It is to be emphasized that, according to the invention, the rate at which gas is admitted by the leak 16 is not in any way actively "controlled" or varied, for example, to be constant or otherwise to permit calculation of the amount of gas admitted to the sample chamber based on the flow rate. The flow rate is simply limited by the leak so that the rate at which gas is admitted is always less than the equilibrium rate of adsorption/desorption. That is, at all times the rate of flow of gas into the sample chamber is so low that if flow were halted, no additional net adsorption would take place thereafter. Therefore, the partial pressure in the sample chamber 12 can at all times be safely assumed to be an equilibrium partial pressure.
As mentioned, an adsorption experiment commences with opening of on/off valve 18. Gas begins immediately to flow at a low rate controlled by the leak 16 from the bulb 20 into the sample chamber 12. Because, as noted above, the rate of flow is at all times less than the equilibrium rate of adsorption/desorption, the partial pressure within the sample chamber 12 is always indicative of a point on the isotherm. The pressure in the sample chamber 12 is measured at regular intervals of time, for example, every 100 ms, by means of pressure transducer 14. The pressure in the bulb 20 is similarly measured by means of pressure transducer 22.
The amount, that is, the number of moles, of gas which has flowed out of the bulb 20 at any time can be calculated by noting the change in pressure in the bulb 20 and by application of the ideal gas laws, which relate the change in pressure in a chamber of known volume to the change in the number of moles of gas present therein. The same volume of gas will have flowed into the sample chamber. However, as described above, some fraction of the gas will have been adsorbed on the sample 10. Therefore, the pressure within the sample chamber 12 as sensed by the pressure transducer 14 can be used to directly calculate the number of moles of gas which have been adsorbed by the sample, and thereby to calculate the surface area of the sample in accordance with the BET equation discussed above.
It will be appreciated that throughout this discussion and throughout the claims which follow, frequent mention is made of measurement of the pressures of gas in a particular vessel, especially as a step in calculation of the amount, that is, number of moles, of gas admitted to or withdrawn therefrom. Those of skill in the art will recognize that the temperature of a quantity of gas within a specific vessel also contributes to its pressure. Ideally, an entire experiment according to the invention is carried out at a single stable temperature, such that no compensation for temperature need be made; that is, so that the process is adiabatic. Those of skill in the art will recognize that to create and maintain a totally constant temperature over an entire experimental apparatus is a very difficult matter. Reference will be made below to various expedients which may be employed for control of temperature in the apparatus of the invention. Suffice it to say here that temperature will typically also be sensed with respect to all volumes in which pressure is measured, and that provision of appropriate compensation for variation in gas temperature, so as to provide corrected volumetric measurements where needed, is well within the skill of the art. Accordingly, all reference herein to measurements of pressure are to be read to include temperature control or compensation or both, as needed.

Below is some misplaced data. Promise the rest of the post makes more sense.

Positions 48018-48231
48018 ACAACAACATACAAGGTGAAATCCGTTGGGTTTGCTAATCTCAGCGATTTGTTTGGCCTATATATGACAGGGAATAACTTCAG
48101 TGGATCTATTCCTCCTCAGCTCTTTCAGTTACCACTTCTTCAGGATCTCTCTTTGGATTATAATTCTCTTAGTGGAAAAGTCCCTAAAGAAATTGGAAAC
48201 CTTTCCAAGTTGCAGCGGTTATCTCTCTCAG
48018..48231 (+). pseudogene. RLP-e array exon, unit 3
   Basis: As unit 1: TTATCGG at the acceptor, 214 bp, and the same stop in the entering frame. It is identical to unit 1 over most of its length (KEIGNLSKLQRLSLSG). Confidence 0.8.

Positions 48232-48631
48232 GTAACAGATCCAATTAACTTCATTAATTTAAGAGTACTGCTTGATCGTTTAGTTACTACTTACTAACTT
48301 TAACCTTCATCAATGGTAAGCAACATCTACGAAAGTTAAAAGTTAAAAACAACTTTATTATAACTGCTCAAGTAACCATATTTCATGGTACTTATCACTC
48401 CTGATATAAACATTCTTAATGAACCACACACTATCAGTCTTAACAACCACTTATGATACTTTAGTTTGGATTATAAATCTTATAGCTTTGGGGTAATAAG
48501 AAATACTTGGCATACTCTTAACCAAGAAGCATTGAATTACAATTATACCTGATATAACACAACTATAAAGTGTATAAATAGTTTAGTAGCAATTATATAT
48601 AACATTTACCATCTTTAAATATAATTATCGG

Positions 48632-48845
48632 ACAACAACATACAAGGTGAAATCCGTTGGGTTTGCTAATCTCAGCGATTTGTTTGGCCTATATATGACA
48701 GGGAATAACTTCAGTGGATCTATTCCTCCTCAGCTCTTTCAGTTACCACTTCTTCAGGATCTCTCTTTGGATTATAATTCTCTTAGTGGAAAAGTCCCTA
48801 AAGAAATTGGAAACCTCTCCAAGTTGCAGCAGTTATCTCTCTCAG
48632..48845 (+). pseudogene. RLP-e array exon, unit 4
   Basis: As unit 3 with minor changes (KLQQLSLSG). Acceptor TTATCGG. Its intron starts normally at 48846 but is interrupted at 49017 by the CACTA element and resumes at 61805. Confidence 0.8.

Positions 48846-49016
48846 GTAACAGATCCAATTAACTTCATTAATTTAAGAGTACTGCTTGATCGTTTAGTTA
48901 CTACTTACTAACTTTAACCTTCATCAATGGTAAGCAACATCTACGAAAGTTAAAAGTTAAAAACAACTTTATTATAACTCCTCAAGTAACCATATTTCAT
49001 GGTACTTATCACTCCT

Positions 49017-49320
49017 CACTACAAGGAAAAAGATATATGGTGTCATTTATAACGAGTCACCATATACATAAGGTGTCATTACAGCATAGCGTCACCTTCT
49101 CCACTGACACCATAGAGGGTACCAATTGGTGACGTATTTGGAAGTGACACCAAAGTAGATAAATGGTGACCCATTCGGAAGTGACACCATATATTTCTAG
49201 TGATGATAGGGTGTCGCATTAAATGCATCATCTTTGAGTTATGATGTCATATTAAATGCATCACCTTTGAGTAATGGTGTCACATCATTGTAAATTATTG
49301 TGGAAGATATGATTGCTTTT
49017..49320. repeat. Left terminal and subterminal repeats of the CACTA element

It will be appreciated from the above description of FIG. 1 that the adsorption technique proposed by the invention does not rely on control of the flow rate in order to enable calculation of the volume of gas admitted to the sample chamber 12 by multiplication of the flow rate by the time of admission. This of course is the method used in the Pieters et al., Bosch et al. and Innes disclosures described above. Avoidance of this expedient is a primary object of the invention, inasmuch as accurate control of flow is very difficult, particularly over a wide range of partial pressures. By comparison, the present invention permits extremely accurate calculations of the volume of gas admitted to the sample chamber 12 to be made by simply measuring the pressure in the bulb 20, a measurement which may be made accurately and readily with existing instrumentation. It is again also emphasized that the leak 16 is not used to control the flow rate to be constant or to take any particular value, only to ensure that it is at all times less than the equilibrium rate of adsorption/desorption. In this way, pressure measurements taken at any given time represent equilibrium conditions and can be used to determine points on the adsorption isotherm of the particular material for the particular gas being admitted.
Over some period of time, the pressure in the bulb 20 will become more or less equal to the pressure in the sample chamber 12. At this point, valve 18 may be closed and bulb 20 recharged to a higher pressure. The process then begins again with the opening of valve 18. At that time, the orifice of leak 16 may be further opened or closed, in accordance with the determination of an operator or in accordance with a pre-defined, computer-controlled sequence set up by the operator at the commencement of the experiment. The pressure in the sample chamber 12 at the beginning of this second phase of the experiment will ordinarily be the same as indicated by the last measurement of pressure made prior to the closing of valve 18 and recharging of bulb 20. If these pressure measurements differ, this indicates that the rate of admission of gas was greater than the equilibrium rate of adsorption/desorption, which will alert the operator that the experimental results from the first portion of the experiment are in question.